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Russian paratroopers receive refurbished BMD-2 and BTR-RD armored vehicles

As reported by Russian media on October 5, 2023, Russian paratroopers have recently taken delivery of a batch of refurbished BMD-2 airborne combat vehicles and BTR-RD armored personnel carriers as part of the ongoing modernization efforts within the Russian armed forces. The equipment was supplied by the Volgograd branch of Kurganmashzavod, an enterprise part of the Rostec High-Precision Complexes holding.
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Russian BMD-2 airborne armored vehicle during a realistic exercise (Picture source: Russian social media)

These vehicles have been designated for deployment to airborne units, with some earmarked for use on the Ukrainian frontline. During the refurbishment process, all major components and assemblies underwent replacement or thorough repair, followed by sea and fire tests to ensure operational readiness.

While the exact number of vehicles in this particular shipment remains undisclosed, it is part of a larger trend where similar transfers occur nearly on a monthly basis. Notably, the production and repair capacity for these vehicles has seen substantial growth, as explained by numerous articles on our website.

The BMD-2, designed by the Russian defense company Arkadyi Shabalin, is an airborne tracked armored Infantry Fighting Vehicle (IFV) that was first developed in 1985 and entered service with the Russian armed forces in 1988. Its primary role is to provide infantry support for airborne forces, with the added capability of being airdropped into combat zones thanks to its lightweight hull, weighing only 8,225 kg. The vehicle can carry up to four paratroopers in addition to its crew of three.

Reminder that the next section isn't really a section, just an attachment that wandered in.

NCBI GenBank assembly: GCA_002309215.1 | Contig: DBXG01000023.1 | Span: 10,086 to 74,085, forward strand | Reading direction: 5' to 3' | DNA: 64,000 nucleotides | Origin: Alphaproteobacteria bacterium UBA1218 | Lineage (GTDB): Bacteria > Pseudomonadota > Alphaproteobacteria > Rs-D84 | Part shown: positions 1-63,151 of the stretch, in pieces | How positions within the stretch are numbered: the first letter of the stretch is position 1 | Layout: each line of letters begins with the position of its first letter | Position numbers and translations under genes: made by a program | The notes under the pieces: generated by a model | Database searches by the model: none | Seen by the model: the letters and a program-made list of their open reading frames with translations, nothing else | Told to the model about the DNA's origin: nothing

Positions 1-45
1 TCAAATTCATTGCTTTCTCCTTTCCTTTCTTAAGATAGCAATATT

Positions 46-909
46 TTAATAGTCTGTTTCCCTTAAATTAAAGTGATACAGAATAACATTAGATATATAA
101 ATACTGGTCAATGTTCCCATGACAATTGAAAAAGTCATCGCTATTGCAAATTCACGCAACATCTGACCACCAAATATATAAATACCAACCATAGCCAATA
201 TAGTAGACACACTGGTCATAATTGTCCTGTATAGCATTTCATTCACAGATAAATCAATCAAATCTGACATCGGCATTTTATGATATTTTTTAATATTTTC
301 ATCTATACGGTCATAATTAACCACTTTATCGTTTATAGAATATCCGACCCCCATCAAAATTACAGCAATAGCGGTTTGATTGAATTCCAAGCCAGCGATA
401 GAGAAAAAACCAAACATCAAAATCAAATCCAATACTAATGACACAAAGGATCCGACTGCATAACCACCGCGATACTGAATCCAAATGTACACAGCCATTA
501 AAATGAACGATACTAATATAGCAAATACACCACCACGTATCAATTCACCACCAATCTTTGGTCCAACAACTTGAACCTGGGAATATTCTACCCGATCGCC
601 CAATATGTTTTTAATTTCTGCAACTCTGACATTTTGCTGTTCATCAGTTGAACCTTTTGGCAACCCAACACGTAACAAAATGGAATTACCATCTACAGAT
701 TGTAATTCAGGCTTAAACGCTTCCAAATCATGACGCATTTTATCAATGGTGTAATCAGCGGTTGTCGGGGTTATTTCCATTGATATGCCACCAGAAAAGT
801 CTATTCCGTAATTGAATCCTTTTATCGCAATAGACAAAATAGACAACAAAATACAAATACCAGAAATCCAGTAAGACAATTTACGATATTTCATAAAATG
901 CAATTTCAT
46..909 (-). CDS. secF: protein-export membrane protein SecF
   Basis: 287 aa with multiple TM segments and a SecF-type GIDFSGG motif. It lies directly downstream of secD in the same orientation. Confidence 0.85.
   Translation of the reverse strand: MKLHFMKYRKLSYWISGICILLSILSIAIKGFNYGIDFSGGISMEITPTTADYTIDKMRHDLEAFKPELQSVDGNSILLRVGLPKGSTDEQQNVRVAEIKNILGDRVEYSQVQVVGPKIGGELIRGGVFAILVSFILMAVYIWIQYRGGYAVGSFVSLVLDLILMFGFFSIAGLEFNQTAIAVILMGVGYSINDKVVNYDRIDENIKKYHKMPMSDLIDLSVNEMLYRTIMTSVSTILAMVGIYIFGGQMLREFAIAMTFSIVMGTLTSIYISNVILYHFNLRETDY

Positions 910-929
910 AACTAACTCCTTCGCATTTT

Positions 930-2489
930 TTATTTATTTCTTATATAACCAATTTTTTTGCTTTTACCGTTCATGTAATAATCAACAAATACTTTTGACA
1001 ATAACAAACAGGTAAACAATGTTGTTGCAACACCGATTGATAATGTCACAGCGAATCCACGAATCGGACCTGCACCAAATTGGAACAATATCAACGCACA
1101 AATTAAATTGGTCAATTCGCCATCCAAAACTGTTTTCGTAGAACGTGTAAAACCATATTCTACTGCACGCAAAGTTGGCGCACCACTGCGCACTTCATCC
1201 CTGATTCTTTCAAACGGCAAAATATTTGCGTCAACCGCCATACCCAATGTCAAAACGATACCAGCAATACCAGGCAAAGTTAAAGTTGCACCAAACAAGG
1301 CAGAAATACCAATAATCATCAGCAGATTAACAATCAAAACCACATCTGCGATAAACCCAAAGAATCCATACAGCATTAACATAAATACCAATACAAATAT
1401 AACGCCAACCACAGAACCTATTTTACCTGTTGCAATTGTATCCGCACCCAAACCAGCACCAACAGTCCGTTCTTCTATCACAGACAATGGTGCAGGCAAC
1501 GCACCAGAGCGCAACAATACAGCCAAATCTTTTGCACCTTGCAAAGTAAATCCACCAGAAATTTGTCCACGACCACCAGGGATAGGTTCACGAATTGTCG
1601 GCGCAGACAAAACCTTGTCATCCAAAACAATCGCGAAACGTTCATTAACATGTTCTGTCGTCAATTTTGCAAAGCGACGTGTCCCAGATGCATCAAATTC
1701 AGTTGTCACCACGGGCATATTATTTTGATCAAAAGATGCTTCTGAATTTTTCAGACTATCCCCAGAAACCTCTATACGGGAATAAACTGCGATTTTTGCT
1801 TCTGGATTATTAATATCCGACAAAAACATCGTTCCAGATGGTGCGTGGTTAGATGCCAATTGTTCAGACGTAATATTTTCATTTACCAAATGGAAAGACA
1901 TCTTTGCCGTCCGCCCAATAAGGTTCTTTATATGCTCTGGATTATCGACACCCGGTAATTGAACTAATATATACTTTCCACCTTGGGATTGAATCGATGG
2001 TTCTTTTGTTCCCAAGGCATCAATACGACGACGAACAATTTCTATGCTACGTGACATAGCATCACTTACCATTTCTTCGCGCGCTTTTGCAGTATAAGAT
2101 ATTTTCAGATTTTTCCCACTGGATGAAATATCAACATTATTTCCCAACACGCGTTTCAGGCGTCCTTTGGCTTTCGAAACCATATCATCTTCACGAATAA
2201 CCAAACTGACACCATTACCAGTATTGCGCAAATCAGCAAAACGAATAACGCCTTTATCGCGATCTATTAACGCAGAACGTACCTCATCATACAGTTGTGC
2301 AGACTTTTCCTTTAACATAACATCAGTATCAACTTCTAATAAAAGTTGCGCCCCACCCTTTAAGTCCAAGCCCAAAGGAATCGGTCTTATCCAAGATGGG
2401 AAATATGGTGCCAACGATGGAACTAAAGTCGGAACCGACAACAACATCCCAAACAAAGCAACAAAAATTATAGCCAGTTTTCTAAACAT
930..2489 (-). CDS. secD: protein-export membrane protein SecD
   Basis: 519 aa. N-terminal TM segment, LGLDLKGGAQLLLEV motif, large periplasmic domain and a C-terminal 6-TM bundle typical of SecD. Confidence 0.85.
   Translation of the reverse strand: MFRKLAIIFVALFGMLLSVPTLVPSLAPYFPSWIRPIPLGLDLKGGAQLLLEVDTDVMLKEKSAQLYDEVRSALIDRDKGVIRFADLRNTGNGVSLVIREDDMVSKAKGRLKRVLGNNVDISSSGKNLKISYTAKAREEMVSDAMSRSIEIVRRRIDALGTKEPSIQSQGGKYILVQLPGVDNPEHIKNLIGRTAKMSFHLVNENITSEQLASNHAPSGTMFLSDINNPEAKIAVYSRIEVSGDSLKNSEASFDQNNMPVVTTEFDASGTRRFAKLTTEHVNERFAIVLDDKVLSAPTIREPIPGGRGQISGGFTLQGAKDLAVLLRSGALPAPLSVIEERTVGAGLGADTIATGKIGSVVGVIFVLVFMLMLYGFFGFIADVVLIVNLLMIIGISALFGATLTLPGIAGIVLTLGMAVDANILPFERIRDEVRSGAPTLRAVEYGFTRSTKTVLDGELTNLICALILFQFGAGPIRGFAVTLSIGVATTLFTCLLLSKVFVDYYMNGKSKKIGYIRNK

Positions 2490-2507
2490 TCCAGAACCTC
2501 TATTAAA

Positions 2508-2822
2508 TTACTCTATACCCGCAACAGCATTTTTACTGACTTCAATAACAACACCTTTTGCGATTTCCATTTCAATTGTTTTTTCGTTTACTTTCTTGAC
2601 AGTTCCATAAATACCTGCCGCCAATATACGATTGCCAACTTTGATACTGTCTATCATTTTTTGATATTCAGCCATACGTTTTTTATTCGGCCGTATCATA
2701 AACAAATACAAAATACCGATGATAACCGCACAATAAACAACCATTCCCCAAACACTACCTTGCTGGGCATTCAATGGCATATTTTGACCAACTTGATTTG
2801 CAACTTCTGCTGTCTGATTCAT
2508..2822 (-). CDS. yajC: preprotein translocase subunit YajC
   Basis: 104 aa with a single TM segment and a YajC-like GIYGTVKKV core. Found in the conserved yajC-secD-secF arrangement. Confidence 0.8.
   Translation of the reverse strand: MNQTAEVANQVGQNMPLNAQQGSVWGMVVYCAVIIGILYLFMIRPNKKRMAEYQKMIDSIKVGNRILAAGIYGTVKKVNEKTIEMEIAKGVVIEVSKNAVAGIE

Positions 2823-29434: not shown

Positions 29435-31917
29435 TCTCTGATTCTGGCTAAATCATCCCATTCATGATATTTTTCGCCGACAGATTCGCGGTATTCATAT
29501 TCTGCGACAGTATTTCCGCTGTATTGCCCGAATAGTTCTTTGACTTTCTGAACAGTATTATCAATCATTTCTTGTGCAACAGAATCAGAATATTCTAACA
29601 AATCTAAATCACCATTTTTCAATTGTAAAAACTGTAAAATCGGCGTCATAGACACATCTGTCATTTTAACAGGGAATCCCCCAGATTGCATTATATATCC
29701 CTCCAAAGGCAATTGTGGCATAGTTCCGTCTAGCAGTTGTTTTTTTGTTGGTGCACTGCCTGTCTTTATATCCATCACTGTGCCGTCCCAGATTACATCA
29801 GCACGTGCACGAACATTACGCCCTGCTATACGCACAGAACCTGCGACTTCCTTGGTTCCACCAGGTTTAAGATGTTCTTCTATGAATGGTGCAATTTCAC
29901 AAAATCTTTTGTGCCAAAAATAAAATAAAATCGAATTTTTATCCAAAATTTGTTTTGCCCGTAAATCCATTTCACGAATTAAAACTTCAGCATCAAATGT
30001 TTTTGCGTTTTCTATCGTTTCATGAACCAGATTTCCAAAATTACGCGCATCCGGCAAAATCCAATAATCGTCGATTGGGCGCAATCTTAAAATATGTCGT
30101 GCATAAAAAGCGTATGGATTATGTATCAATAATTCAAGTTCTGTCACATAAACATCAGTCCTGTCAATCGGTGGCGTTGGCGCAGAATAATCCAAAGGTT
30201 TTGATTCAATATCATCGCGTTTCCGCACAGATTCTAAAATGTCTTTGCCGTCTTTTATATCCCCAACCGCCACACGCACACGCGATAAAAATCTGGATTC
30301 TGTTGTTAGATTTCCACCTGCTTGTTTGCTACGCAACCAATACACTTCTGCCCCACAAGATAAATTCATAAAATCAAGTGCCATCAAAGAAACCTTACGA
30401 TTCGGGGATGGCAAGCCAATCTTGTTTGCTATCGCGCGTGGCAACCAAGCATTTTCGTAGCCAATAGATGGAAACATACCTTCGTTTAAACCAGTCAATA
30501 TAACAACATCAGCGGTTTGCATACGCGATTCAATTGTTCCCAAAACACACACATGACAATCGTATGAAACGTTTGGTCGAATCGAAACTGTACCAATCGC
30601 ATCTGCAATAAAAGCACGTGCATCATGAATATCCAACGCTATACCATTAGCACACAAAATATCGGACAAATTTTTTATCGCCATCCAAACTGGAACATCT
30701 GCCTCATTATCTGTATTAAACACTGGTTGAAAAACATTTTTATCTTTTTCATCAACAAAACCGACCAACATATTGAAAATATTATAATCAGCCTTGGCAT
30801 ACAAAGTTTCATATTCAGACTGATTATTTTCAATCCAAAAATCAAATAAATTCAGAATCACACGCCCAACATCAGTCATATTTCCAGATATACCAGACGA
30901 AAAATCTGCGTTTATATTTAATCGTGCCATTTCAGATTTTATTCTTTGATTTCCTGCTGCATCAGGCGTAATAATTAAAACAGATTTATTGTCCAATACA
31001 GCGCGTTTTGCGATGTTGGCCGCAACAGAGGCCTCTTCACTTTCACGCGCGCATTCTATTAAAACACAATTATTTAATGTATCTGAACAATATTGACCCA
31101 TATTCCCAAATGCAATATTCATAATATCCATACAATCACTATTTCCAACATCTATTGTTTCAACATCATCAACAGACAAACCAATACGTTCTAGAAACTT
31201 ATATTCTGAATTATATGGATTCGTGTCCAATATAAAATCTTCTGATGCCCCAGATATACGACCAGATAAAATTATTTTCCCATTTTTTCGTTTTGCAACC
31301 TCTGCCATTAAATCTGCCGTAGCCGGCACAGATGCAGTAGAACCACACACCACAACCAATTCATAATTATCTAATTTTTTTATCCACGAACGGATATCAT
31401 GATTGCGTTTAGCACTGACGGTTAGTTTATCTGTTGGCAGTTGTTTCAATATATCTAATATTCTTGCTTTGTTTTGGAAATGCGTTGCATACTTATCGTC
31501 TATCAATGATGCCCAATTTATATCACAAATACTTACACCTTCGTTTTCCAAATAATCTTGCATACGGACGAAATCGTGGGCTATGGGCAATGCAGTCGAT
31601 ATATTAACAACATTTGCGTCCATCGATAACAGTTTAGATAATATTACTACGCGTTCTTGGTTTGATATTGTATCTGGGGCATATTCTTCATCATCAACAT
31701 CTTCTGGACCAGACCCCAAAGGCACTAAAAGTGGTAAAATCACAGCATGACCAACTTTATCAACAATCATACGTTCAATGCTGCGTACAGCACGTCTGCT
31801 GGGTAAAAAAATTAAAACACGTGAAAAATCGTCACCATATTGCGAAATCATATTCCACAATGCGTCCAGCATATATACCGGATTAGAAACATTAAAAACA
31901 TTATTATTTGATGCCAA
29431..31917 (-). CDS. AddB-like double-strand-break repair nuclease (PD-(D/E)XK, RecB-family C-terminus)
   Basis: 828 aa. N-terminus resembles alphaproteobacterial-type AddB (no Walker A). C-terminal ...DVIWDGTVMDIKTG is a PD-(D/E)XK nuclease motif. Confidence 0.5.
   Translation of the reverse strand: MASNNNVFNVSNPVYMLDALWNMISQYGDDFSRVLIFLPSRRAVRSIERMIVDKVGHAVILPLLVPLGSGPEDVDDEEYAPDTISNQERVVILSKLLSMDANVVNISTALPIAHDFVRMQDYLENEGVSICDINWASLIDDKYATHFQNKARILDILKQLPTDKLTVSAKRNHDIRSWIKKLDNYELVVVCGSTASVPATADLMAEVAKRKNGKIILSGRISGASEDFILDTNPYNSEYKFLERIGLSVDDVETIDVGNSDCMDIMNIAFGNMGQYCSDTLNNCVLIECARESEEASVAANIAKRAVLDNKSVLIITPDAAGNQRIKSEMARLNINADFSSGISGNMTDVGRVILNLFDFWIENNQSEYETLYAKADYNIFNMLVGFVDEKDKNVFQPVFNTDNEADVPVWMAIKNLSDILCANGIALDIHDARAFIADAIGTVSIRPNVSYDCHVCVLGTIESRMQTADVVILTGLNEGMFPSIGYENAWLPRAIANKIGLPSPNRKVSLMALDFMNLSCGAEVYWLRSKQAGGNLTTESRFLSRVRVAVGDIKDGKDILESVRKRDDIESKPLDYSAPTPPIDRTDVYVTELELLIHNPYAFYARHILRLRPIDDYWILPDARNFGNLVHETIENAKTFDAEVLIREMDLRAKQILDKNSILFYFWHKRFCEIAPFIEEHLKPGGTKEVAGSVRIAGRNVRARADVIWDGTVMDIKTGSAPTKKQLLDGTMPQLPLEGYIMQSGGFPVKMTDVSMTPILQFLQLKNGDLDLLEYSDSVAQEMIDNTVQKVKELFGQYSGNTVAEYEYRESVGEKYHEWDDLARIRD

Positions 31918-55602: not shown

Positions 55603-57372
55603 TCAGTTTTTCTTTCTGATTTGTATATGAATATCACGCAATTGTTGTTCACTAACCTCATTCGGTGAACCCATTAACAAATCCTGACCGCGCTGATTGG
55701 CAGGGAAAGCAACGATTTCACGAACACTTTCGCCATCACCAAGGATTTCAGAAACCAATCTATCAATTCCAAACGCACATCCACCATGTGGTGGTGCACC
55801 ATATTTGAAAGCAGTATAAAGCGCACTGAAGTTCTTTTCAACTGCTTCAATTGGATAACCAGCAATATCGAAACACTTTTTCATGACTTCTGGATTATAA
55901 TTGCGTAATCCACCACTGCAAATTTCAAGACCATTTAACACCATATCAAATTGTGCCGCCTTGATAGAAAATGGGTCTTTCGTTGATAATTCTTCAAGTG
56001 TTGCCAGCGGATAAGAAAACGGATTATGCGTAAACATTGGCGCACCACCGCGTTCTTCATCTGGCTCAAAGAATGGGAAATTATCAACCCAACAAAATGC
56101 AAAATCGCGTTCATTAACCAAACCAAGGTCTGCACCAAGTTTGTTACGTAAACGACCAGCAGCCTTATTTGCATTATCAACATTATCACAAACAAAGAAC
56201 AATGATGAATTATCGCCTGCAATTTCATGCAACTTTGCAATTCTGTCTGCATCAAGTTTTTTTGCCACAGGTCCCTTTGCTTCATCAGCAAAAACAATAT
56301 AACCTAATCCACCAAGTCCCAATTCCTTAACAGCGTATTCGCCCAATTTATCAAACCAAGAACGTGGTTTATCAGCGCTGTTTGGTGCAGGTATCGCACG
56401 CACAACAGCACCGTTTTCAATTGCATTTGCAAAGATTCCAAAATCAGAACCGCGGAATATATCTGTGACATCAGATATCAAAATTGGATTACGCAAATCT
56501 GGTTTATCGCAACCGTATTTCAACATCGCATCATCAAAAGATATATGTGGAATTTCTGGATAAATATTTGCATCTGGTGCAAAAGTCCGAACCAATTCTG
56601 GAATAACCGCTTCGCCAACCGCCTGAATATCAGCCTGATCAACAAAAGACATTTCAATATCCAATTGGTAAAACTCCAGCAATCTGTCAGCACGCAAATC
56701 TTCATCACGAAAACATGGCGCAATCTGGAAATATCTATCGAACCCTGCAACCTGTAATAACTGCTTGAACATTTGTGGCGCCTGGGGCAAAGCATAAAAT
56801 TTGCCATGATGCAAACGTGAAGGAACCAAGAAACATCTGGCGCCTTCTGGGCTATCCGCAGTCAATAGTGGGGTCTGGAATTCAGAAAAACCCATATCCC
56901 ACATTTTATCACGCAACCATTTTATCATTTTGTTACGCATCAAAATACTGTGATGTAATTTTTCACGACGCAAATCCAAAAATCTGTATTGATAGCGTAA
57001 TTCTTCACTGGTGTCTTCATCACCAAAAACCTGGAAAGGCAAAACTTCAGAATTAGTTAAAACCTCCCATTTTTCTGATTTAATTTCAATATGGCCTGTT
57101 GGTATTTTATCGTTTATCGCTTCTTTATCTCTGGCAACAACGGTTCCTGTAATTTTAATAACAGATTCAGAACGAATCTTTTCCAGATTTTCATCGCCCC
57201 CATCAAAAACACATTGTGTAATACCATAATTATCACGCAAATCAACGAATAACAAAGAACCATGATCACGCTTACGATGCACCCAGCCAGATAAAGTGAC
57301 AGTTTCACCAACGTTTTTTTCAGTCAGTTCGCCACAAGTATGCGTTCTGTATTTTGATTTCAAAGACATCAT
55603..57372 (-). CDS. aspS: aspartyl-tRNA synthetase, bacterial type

The BMD-2 boasts a one-man turret housing a 30 mm 2A42 stabilized cannon, a coaxial 7.62 mm PKT machine gun, and an anti-tank guided missile launcher for AT-4 or AT-5 missiles. Its hull and turret are constructed from welded aluminum alloy, providing protection against small arms fire and shell splinters. In terms of mobility, it is powered by a 240 hp liquid-cooled diesel engine and features a hydropneumatic suspension system, achieving a maximum road speed of 60 km/h and a cruising range of 450 to 500 km. Additionally, the BMD-2 is fully amphibious, reaching a top speed of 10 km/h in the water, thanks to two water jets at the rear of the hull.

Although the BMD-2 has been in service for several years, it has been complemented by more advanced models like the BMD-3 in the Russian airborne forces, playing a vital role in providing fire support and mobility during airborne operations. Initially adopted by the Soviet army in the 1980s, the BMD-2 is currently undergoing upgrades to the level of more modern BMD-2K-AU and BMD-2M.

The BTR-RD, also nicknamed the "Robot," is a Soviet-designed tank destroyer introduced in 1983. It was primarily developed in the late 1970s to transport anti-tank teams supporting the Soviet VDV airborne forces. Its key external modification from the base vehicle, the BTR-D armored personnel carrier, is the inclusion of a 9P135M anti-tank missile launcher mounted on its right roof side. This launcher is capable of firing 9M113 Konkurs anti-tank missiles, with the option to use 9M111 Fagot missiles. Both missile types are SACLOS-guided, following the gunner's sight for targeting accuracy.

In terms of firepower, the BTR-RD typically carries a minimum of four anti-tank missiles, with the possibility of carrying up to 12 missiles if passenger capacity is reduced. The vehicle also retains two 7.62mm PKT bow machine guns with a total ammunition capacity of 2,000 rounds. Recognized for its mobility, the BTR-RD's relatively low weight and 240 hp diesel engine contribute to its agility. It is fully amphibious, utilizing two water jets for water traversal, and it can be airdropped from low-flying transport aircraft. However, its aluminum armor offers limited protection against heavy machine gun rounds, and the operator using the missile launcher is partially exposed. The BTR-RD remains in service with the Russian military, with some upgrades, such as the addition of the 9K135 Kornet missile system in 2019.

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Russian BTR-RD anti-tank vehicle during a demonstration in 2018 (Picture source: Vitaly Kuzmin)

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